1/1
2 files

The development of Japanese studies in Hong Kong

thesis
posted on 29.03.2022, 01:20 authored by Hitoshi Murakami
This thesis examines how the Hong Kong mentality has affected the development of Japanese studies in Hong Kong. It first defines the Hong Kong mentality as "insecure" "flexible" and "pragmatic" and analyses the background against which these characteristics developed. It places an emphasis on the unique history of Hong Kong, colonized by the British, once occupied by the Japanese, and finally reunified with China. -- The development of Japanese studies in three different periods is analysed according to the demand for Japanese studies. The Period of Low Demand characterizes Japanese studies from the establishment of colonial Hong Kong until the 1950s, with particular attention to the sense of insecurity Hong Kong people lived under, and the weak Japanese presence in Hong Kong society. The Period of Growth of Demand examines the rapid growth of Japanese studies from the 1960s to the 1980s and discovers that it was due both to a strengthened Japanese presence and pragmatic motivations driving the growth. Finally, the Period of Expansion of Demand describes the current expansion of Japanese studies into new areas. It is analysed that the expansion came about because of new factors such as the penetration of Japanese popular culture into Hong Kong, reduced insecurity, and the introduction of a new education system.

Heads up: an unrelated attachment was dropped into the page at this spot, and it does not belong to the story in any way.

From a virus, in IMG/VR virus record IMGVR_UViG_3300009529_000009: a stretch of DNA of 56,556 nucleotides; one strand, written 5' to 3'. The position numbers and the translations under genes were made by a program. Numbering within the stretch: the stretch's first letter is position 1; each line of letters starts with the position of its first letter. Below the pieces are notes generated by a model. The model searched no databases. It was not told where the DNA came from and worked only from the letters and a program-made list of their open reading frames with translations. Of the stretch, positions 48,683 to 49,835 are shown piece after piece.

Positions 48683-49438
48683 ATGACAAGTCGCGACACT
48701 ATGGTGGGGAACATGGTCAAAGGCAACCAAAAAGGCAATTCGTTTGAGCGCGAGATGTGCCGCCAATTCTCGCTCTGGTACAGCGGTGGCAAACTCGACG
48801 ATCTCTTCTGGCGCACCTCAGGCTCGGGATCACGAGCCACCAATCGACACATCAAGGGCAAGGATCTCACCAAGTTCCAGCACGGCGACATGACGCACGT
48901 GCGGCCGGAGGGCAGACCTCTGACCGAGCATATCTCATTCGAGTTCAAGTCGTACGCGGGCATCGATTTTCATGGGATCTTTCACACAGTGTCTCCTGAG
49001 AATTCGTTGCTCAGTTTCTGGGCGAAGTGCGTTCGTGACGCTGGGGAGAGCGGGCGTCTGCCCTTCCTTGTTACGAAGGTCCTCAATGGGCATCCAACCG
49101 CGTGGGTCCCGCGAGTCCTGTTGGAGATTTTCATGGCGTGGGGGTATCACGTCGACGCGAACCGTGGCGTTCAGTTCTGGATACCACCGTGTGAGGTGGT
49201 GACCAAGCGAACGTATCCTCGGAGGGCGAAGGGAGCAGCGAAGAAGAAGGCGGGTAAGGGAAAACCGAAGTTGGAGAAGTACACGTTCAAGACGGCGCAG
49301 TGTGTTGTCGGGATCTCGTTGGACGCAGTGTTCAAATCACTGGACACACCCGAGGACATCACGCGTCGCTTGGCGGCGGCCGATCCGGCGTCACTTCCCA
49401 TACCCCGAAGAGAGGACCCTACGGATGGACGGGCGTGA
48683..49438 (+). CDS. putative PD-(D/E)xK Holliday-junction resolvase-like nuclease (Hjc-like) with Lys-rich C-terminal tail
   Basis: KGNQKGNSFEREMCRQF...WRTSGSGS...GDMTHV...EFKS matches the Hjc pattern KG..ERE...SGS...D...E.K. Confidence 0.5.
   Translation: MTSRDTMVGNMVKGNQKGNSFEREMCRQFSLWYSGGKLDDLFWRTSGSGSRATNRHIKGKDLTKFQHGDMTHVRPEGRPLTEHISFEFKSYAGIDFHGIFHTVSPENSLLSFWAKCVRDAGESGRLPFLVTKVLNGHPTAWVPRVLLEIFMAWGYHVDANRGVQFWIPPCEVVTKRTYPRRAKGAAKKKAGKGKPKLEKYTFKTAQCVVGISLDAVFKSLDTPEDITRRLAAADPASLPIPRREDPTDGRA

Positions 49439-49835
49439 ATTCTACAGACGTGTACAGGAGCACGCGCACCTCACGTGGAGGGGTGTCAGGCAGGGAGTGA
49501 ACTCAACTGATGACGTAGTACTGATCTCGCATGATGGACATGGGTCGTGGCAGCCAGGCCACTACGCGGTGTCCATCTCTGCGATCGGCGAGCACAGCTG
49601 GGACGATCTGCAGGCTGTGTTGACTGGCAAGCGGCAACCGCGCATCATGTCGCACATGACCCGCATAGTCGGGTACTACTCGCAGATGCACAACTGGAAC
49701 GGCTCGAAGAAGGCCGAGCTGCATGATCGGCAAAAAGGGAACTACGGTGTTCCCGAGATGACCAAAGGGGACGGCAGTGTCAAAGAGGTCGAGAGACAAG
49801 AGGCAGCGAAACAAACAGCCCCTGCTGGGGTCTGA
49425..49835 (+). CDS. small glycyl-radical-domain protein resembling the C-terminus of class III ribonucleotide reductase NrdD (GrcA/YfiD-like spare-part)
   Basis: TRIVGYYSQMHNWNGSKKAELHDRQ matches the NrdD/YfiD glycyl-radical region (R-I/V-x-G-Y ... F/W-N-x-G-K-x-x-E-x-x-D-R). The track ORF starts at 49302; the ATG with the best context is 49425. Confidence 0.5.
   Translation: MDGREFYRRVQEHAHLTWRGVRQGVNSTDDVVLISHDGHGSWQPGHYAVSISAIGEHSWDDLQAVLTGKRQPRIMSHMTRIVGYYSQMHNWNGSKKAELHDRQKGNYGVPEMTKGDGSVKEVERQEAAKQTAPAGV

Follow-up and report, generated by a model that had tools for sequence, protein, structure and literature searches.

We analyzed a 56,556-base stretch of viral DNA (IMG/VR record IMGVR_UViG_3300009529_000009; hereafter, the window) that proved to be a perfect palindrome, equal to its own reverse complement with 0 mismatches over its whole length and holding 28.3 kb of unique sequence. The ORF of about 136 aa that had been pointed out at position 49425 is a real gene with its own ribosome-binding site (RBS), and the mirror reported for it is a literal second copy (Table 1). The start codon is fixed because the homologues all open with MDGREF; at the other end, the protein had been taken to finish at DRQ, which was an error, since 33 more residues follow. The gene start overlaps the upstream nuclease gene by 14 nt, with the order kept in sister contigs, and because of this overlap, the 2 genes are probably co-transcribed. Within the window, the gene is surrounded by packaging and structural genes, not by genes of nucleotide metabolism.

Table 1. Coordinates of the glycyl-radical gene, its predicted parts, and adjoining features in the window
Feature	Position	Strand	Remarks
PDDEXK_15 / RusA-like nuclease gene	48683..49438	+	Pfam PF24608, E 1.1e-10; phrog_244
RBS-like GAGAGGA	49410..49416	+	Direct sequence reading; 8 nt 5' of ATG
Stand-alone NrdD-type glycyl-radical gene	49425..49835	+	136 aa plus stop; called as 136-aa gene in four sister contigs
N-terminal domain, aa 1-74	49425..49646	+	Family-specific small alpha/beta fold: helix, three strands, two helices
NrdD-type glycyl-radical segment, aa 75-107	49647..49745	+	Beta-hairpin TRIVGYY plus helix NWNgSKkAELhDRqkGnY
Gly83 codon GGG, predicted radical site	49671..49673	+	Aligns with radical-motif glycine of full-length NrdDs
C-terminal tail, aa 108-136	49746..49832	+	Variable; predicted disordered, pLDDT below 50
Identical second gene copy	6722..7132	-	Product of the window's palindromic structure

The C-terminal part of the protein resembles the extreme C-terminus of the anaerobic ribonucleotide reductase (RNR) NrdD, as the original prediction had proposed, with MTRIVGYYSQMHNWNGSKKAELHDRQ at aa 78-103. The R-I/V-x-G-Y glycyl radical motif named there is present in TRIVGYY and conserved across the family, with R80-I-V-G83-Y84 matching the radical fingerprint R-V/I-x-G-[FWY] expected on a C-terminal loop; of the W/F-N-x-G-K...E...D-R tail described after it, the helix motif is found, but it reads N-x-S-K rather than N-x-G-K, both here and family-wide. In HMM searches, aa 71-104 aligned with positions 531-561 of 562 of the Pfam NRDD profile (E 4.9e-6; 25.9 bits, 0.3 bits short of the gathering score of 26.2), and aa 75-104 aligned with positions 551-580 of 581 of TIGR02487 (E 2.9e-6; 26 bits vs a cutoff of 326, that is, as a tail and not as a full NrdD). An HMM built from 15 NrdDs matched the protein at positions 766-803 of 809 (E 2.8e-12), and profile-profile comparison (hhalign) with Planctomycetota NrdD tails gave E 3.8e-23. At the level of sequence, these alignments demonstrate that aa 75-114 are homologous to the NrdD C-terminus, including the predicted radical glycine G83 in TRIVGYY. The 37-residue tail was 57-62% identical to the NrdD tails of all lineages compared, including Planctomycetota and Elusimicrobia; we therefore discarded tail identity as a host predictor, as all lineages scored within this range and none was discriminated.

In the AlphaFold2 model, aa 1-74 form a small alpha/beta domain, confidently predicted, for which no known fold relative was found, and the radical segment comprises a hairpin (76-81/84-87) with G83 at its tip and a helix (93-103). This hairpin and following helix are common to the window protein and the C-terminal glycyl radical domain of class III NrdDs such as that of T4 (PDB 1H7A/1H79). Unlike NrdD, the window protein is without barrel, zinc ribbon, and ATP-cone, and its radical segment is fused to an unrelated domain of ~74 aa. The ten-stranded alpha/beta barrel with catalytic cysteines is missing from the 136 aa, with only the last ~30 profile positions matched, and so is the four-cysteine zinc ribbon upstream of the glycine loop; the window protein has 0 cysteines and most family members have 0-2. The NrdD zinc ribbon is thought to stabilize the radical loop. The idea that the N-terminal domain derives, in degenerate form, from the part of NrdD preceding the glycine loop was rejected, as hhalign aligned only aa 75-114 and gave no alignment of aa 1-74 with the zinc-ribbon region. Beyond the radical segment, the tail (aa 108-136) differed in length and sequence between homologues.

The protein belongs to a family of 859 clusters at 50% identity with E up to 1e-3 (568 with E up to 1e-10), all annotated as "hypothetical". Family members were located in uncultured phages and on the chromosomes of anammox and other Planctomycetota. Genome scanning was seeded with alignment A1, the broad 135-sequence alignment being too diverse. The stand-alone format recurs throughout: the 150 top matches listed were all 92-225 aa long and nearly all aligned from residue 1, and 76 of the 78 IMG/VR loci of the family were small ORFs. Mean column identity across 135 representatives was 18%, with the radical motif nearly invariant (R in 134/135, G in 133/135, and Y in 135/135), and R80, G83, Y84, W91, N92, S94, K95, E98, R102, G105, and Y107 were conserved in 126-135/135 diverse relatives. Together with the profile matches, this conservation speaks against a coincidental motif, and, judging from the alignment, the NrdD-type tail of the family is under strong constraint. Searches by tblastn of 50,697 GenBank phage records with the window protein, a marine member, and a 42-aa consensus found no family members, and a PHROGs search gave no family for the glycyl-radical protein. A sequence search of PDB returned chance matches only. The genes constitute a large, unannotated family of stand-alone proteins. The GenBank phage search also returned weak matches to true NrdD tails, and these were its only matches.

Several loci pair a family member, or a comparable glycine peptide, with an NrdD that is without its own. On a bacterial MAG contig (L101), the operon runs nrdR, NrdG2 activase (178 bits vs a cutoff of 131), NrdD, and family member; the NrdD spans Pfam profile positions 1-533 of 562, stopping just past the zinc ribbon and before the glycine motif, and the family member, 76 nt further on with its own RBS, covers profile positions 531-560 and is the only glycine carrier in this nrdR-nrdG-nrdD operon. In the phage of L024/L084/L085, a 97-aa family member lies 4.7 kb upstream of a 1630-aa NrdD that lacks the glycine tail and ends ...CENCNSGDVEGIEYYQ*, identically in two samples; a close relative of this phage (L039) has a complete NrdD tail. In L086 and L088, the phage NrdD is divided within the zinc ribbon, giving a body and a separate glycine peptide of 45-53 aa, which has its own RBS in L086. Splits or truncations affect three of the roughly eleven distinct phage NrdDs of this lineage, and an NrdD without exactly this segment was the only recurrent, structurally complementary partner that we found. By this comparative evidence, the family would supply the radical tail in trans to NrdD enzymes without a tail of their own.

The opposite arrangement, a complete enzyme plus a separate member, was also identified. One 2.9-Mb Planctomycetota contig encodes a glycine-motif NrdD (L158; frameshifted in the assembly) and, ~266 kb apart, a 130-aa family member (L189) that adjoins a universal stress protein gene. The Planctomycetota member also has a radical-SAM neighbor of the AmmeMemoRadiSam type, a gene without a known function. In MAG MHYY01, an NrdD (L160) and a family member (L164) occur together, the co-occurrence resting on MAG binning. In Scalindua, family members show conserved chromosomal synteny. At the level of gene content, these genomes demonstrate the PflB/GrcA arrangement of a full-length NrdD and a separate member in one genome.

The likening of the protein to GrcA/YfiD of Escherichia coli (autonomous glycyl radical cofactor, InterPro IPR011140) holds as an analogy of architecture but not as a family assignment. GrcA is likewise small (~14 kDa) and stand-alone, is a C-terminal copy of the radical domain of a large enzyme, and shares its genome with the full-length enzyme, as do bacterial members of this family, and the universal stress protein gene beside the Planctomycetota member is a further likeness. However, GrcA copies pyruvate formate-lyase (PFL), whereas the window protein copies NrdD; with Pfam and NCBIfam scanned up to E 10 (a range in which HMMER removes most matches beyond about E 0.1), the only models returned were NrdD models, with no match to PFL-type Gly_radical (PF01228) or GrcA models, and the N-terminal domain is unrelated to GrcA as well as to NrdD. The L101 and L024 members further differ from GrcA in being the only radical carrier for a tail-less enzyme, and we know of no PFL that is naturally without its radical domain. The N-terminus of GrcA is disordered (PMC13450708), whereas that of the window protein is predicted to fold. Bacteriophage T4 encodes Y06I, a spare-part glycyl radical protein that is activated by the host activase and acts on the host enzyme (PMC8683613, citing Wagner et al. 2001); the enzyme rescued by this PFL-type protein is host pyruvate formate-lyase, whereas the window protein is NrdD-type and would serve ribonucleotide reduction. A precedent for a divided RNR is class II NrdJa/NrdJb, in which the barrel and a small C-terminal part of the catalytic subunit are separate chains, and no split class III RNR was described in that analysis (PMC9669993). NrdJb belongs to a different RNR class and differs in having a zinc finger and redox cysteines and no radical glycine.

History

Table of Contents

Introduction -- Part I. Hong Kong mentality -- 1. Colonial factors -- 2. China factors -- 3. Other factors -- 4. Defining the Hong Kong mentality -- Part II. Period of low demand -- 5. Demand initiated only by the local government -- 6. Lack of demand and lack of presence -- Part III. Period of growth of demand -- 7. Emergence and growth of demand in the general public -- 8. Growth of Japanese presence and pragmatic motivations -- Part IV. Period of expansion of demand -- 9. New developments in Japanese studies -- 10. Weakened insecurity and secured Japanese presence -- Conclusion

Notes

Bibliography: pages 297-319

Awarding Institution

Macquarie University

Degree Type

Thesis PhD

Degree

PhD, Macquarie University, Faculty of Business and Economics, Department of Accounting and Corporate Governance

Department, Centre or School

Department of Accounting and Corporate Governance

Year of Award

2012

Principal Supervisor

Kay-wah Chan

Additional Supervisor 1

Misuzu Hanihara Chow

Rights

Copyright disclaimer: http://www.copyright.mq.edu.au Copyright Hitoshi Murakami 2012.

Language

English

Jurisdiction

Hong Kong (China)

Extent

1 online resource (319 pages) illustrations

Former Identifiers

mq:27802 http://hdl.handle.net/1959.14/264224 2066094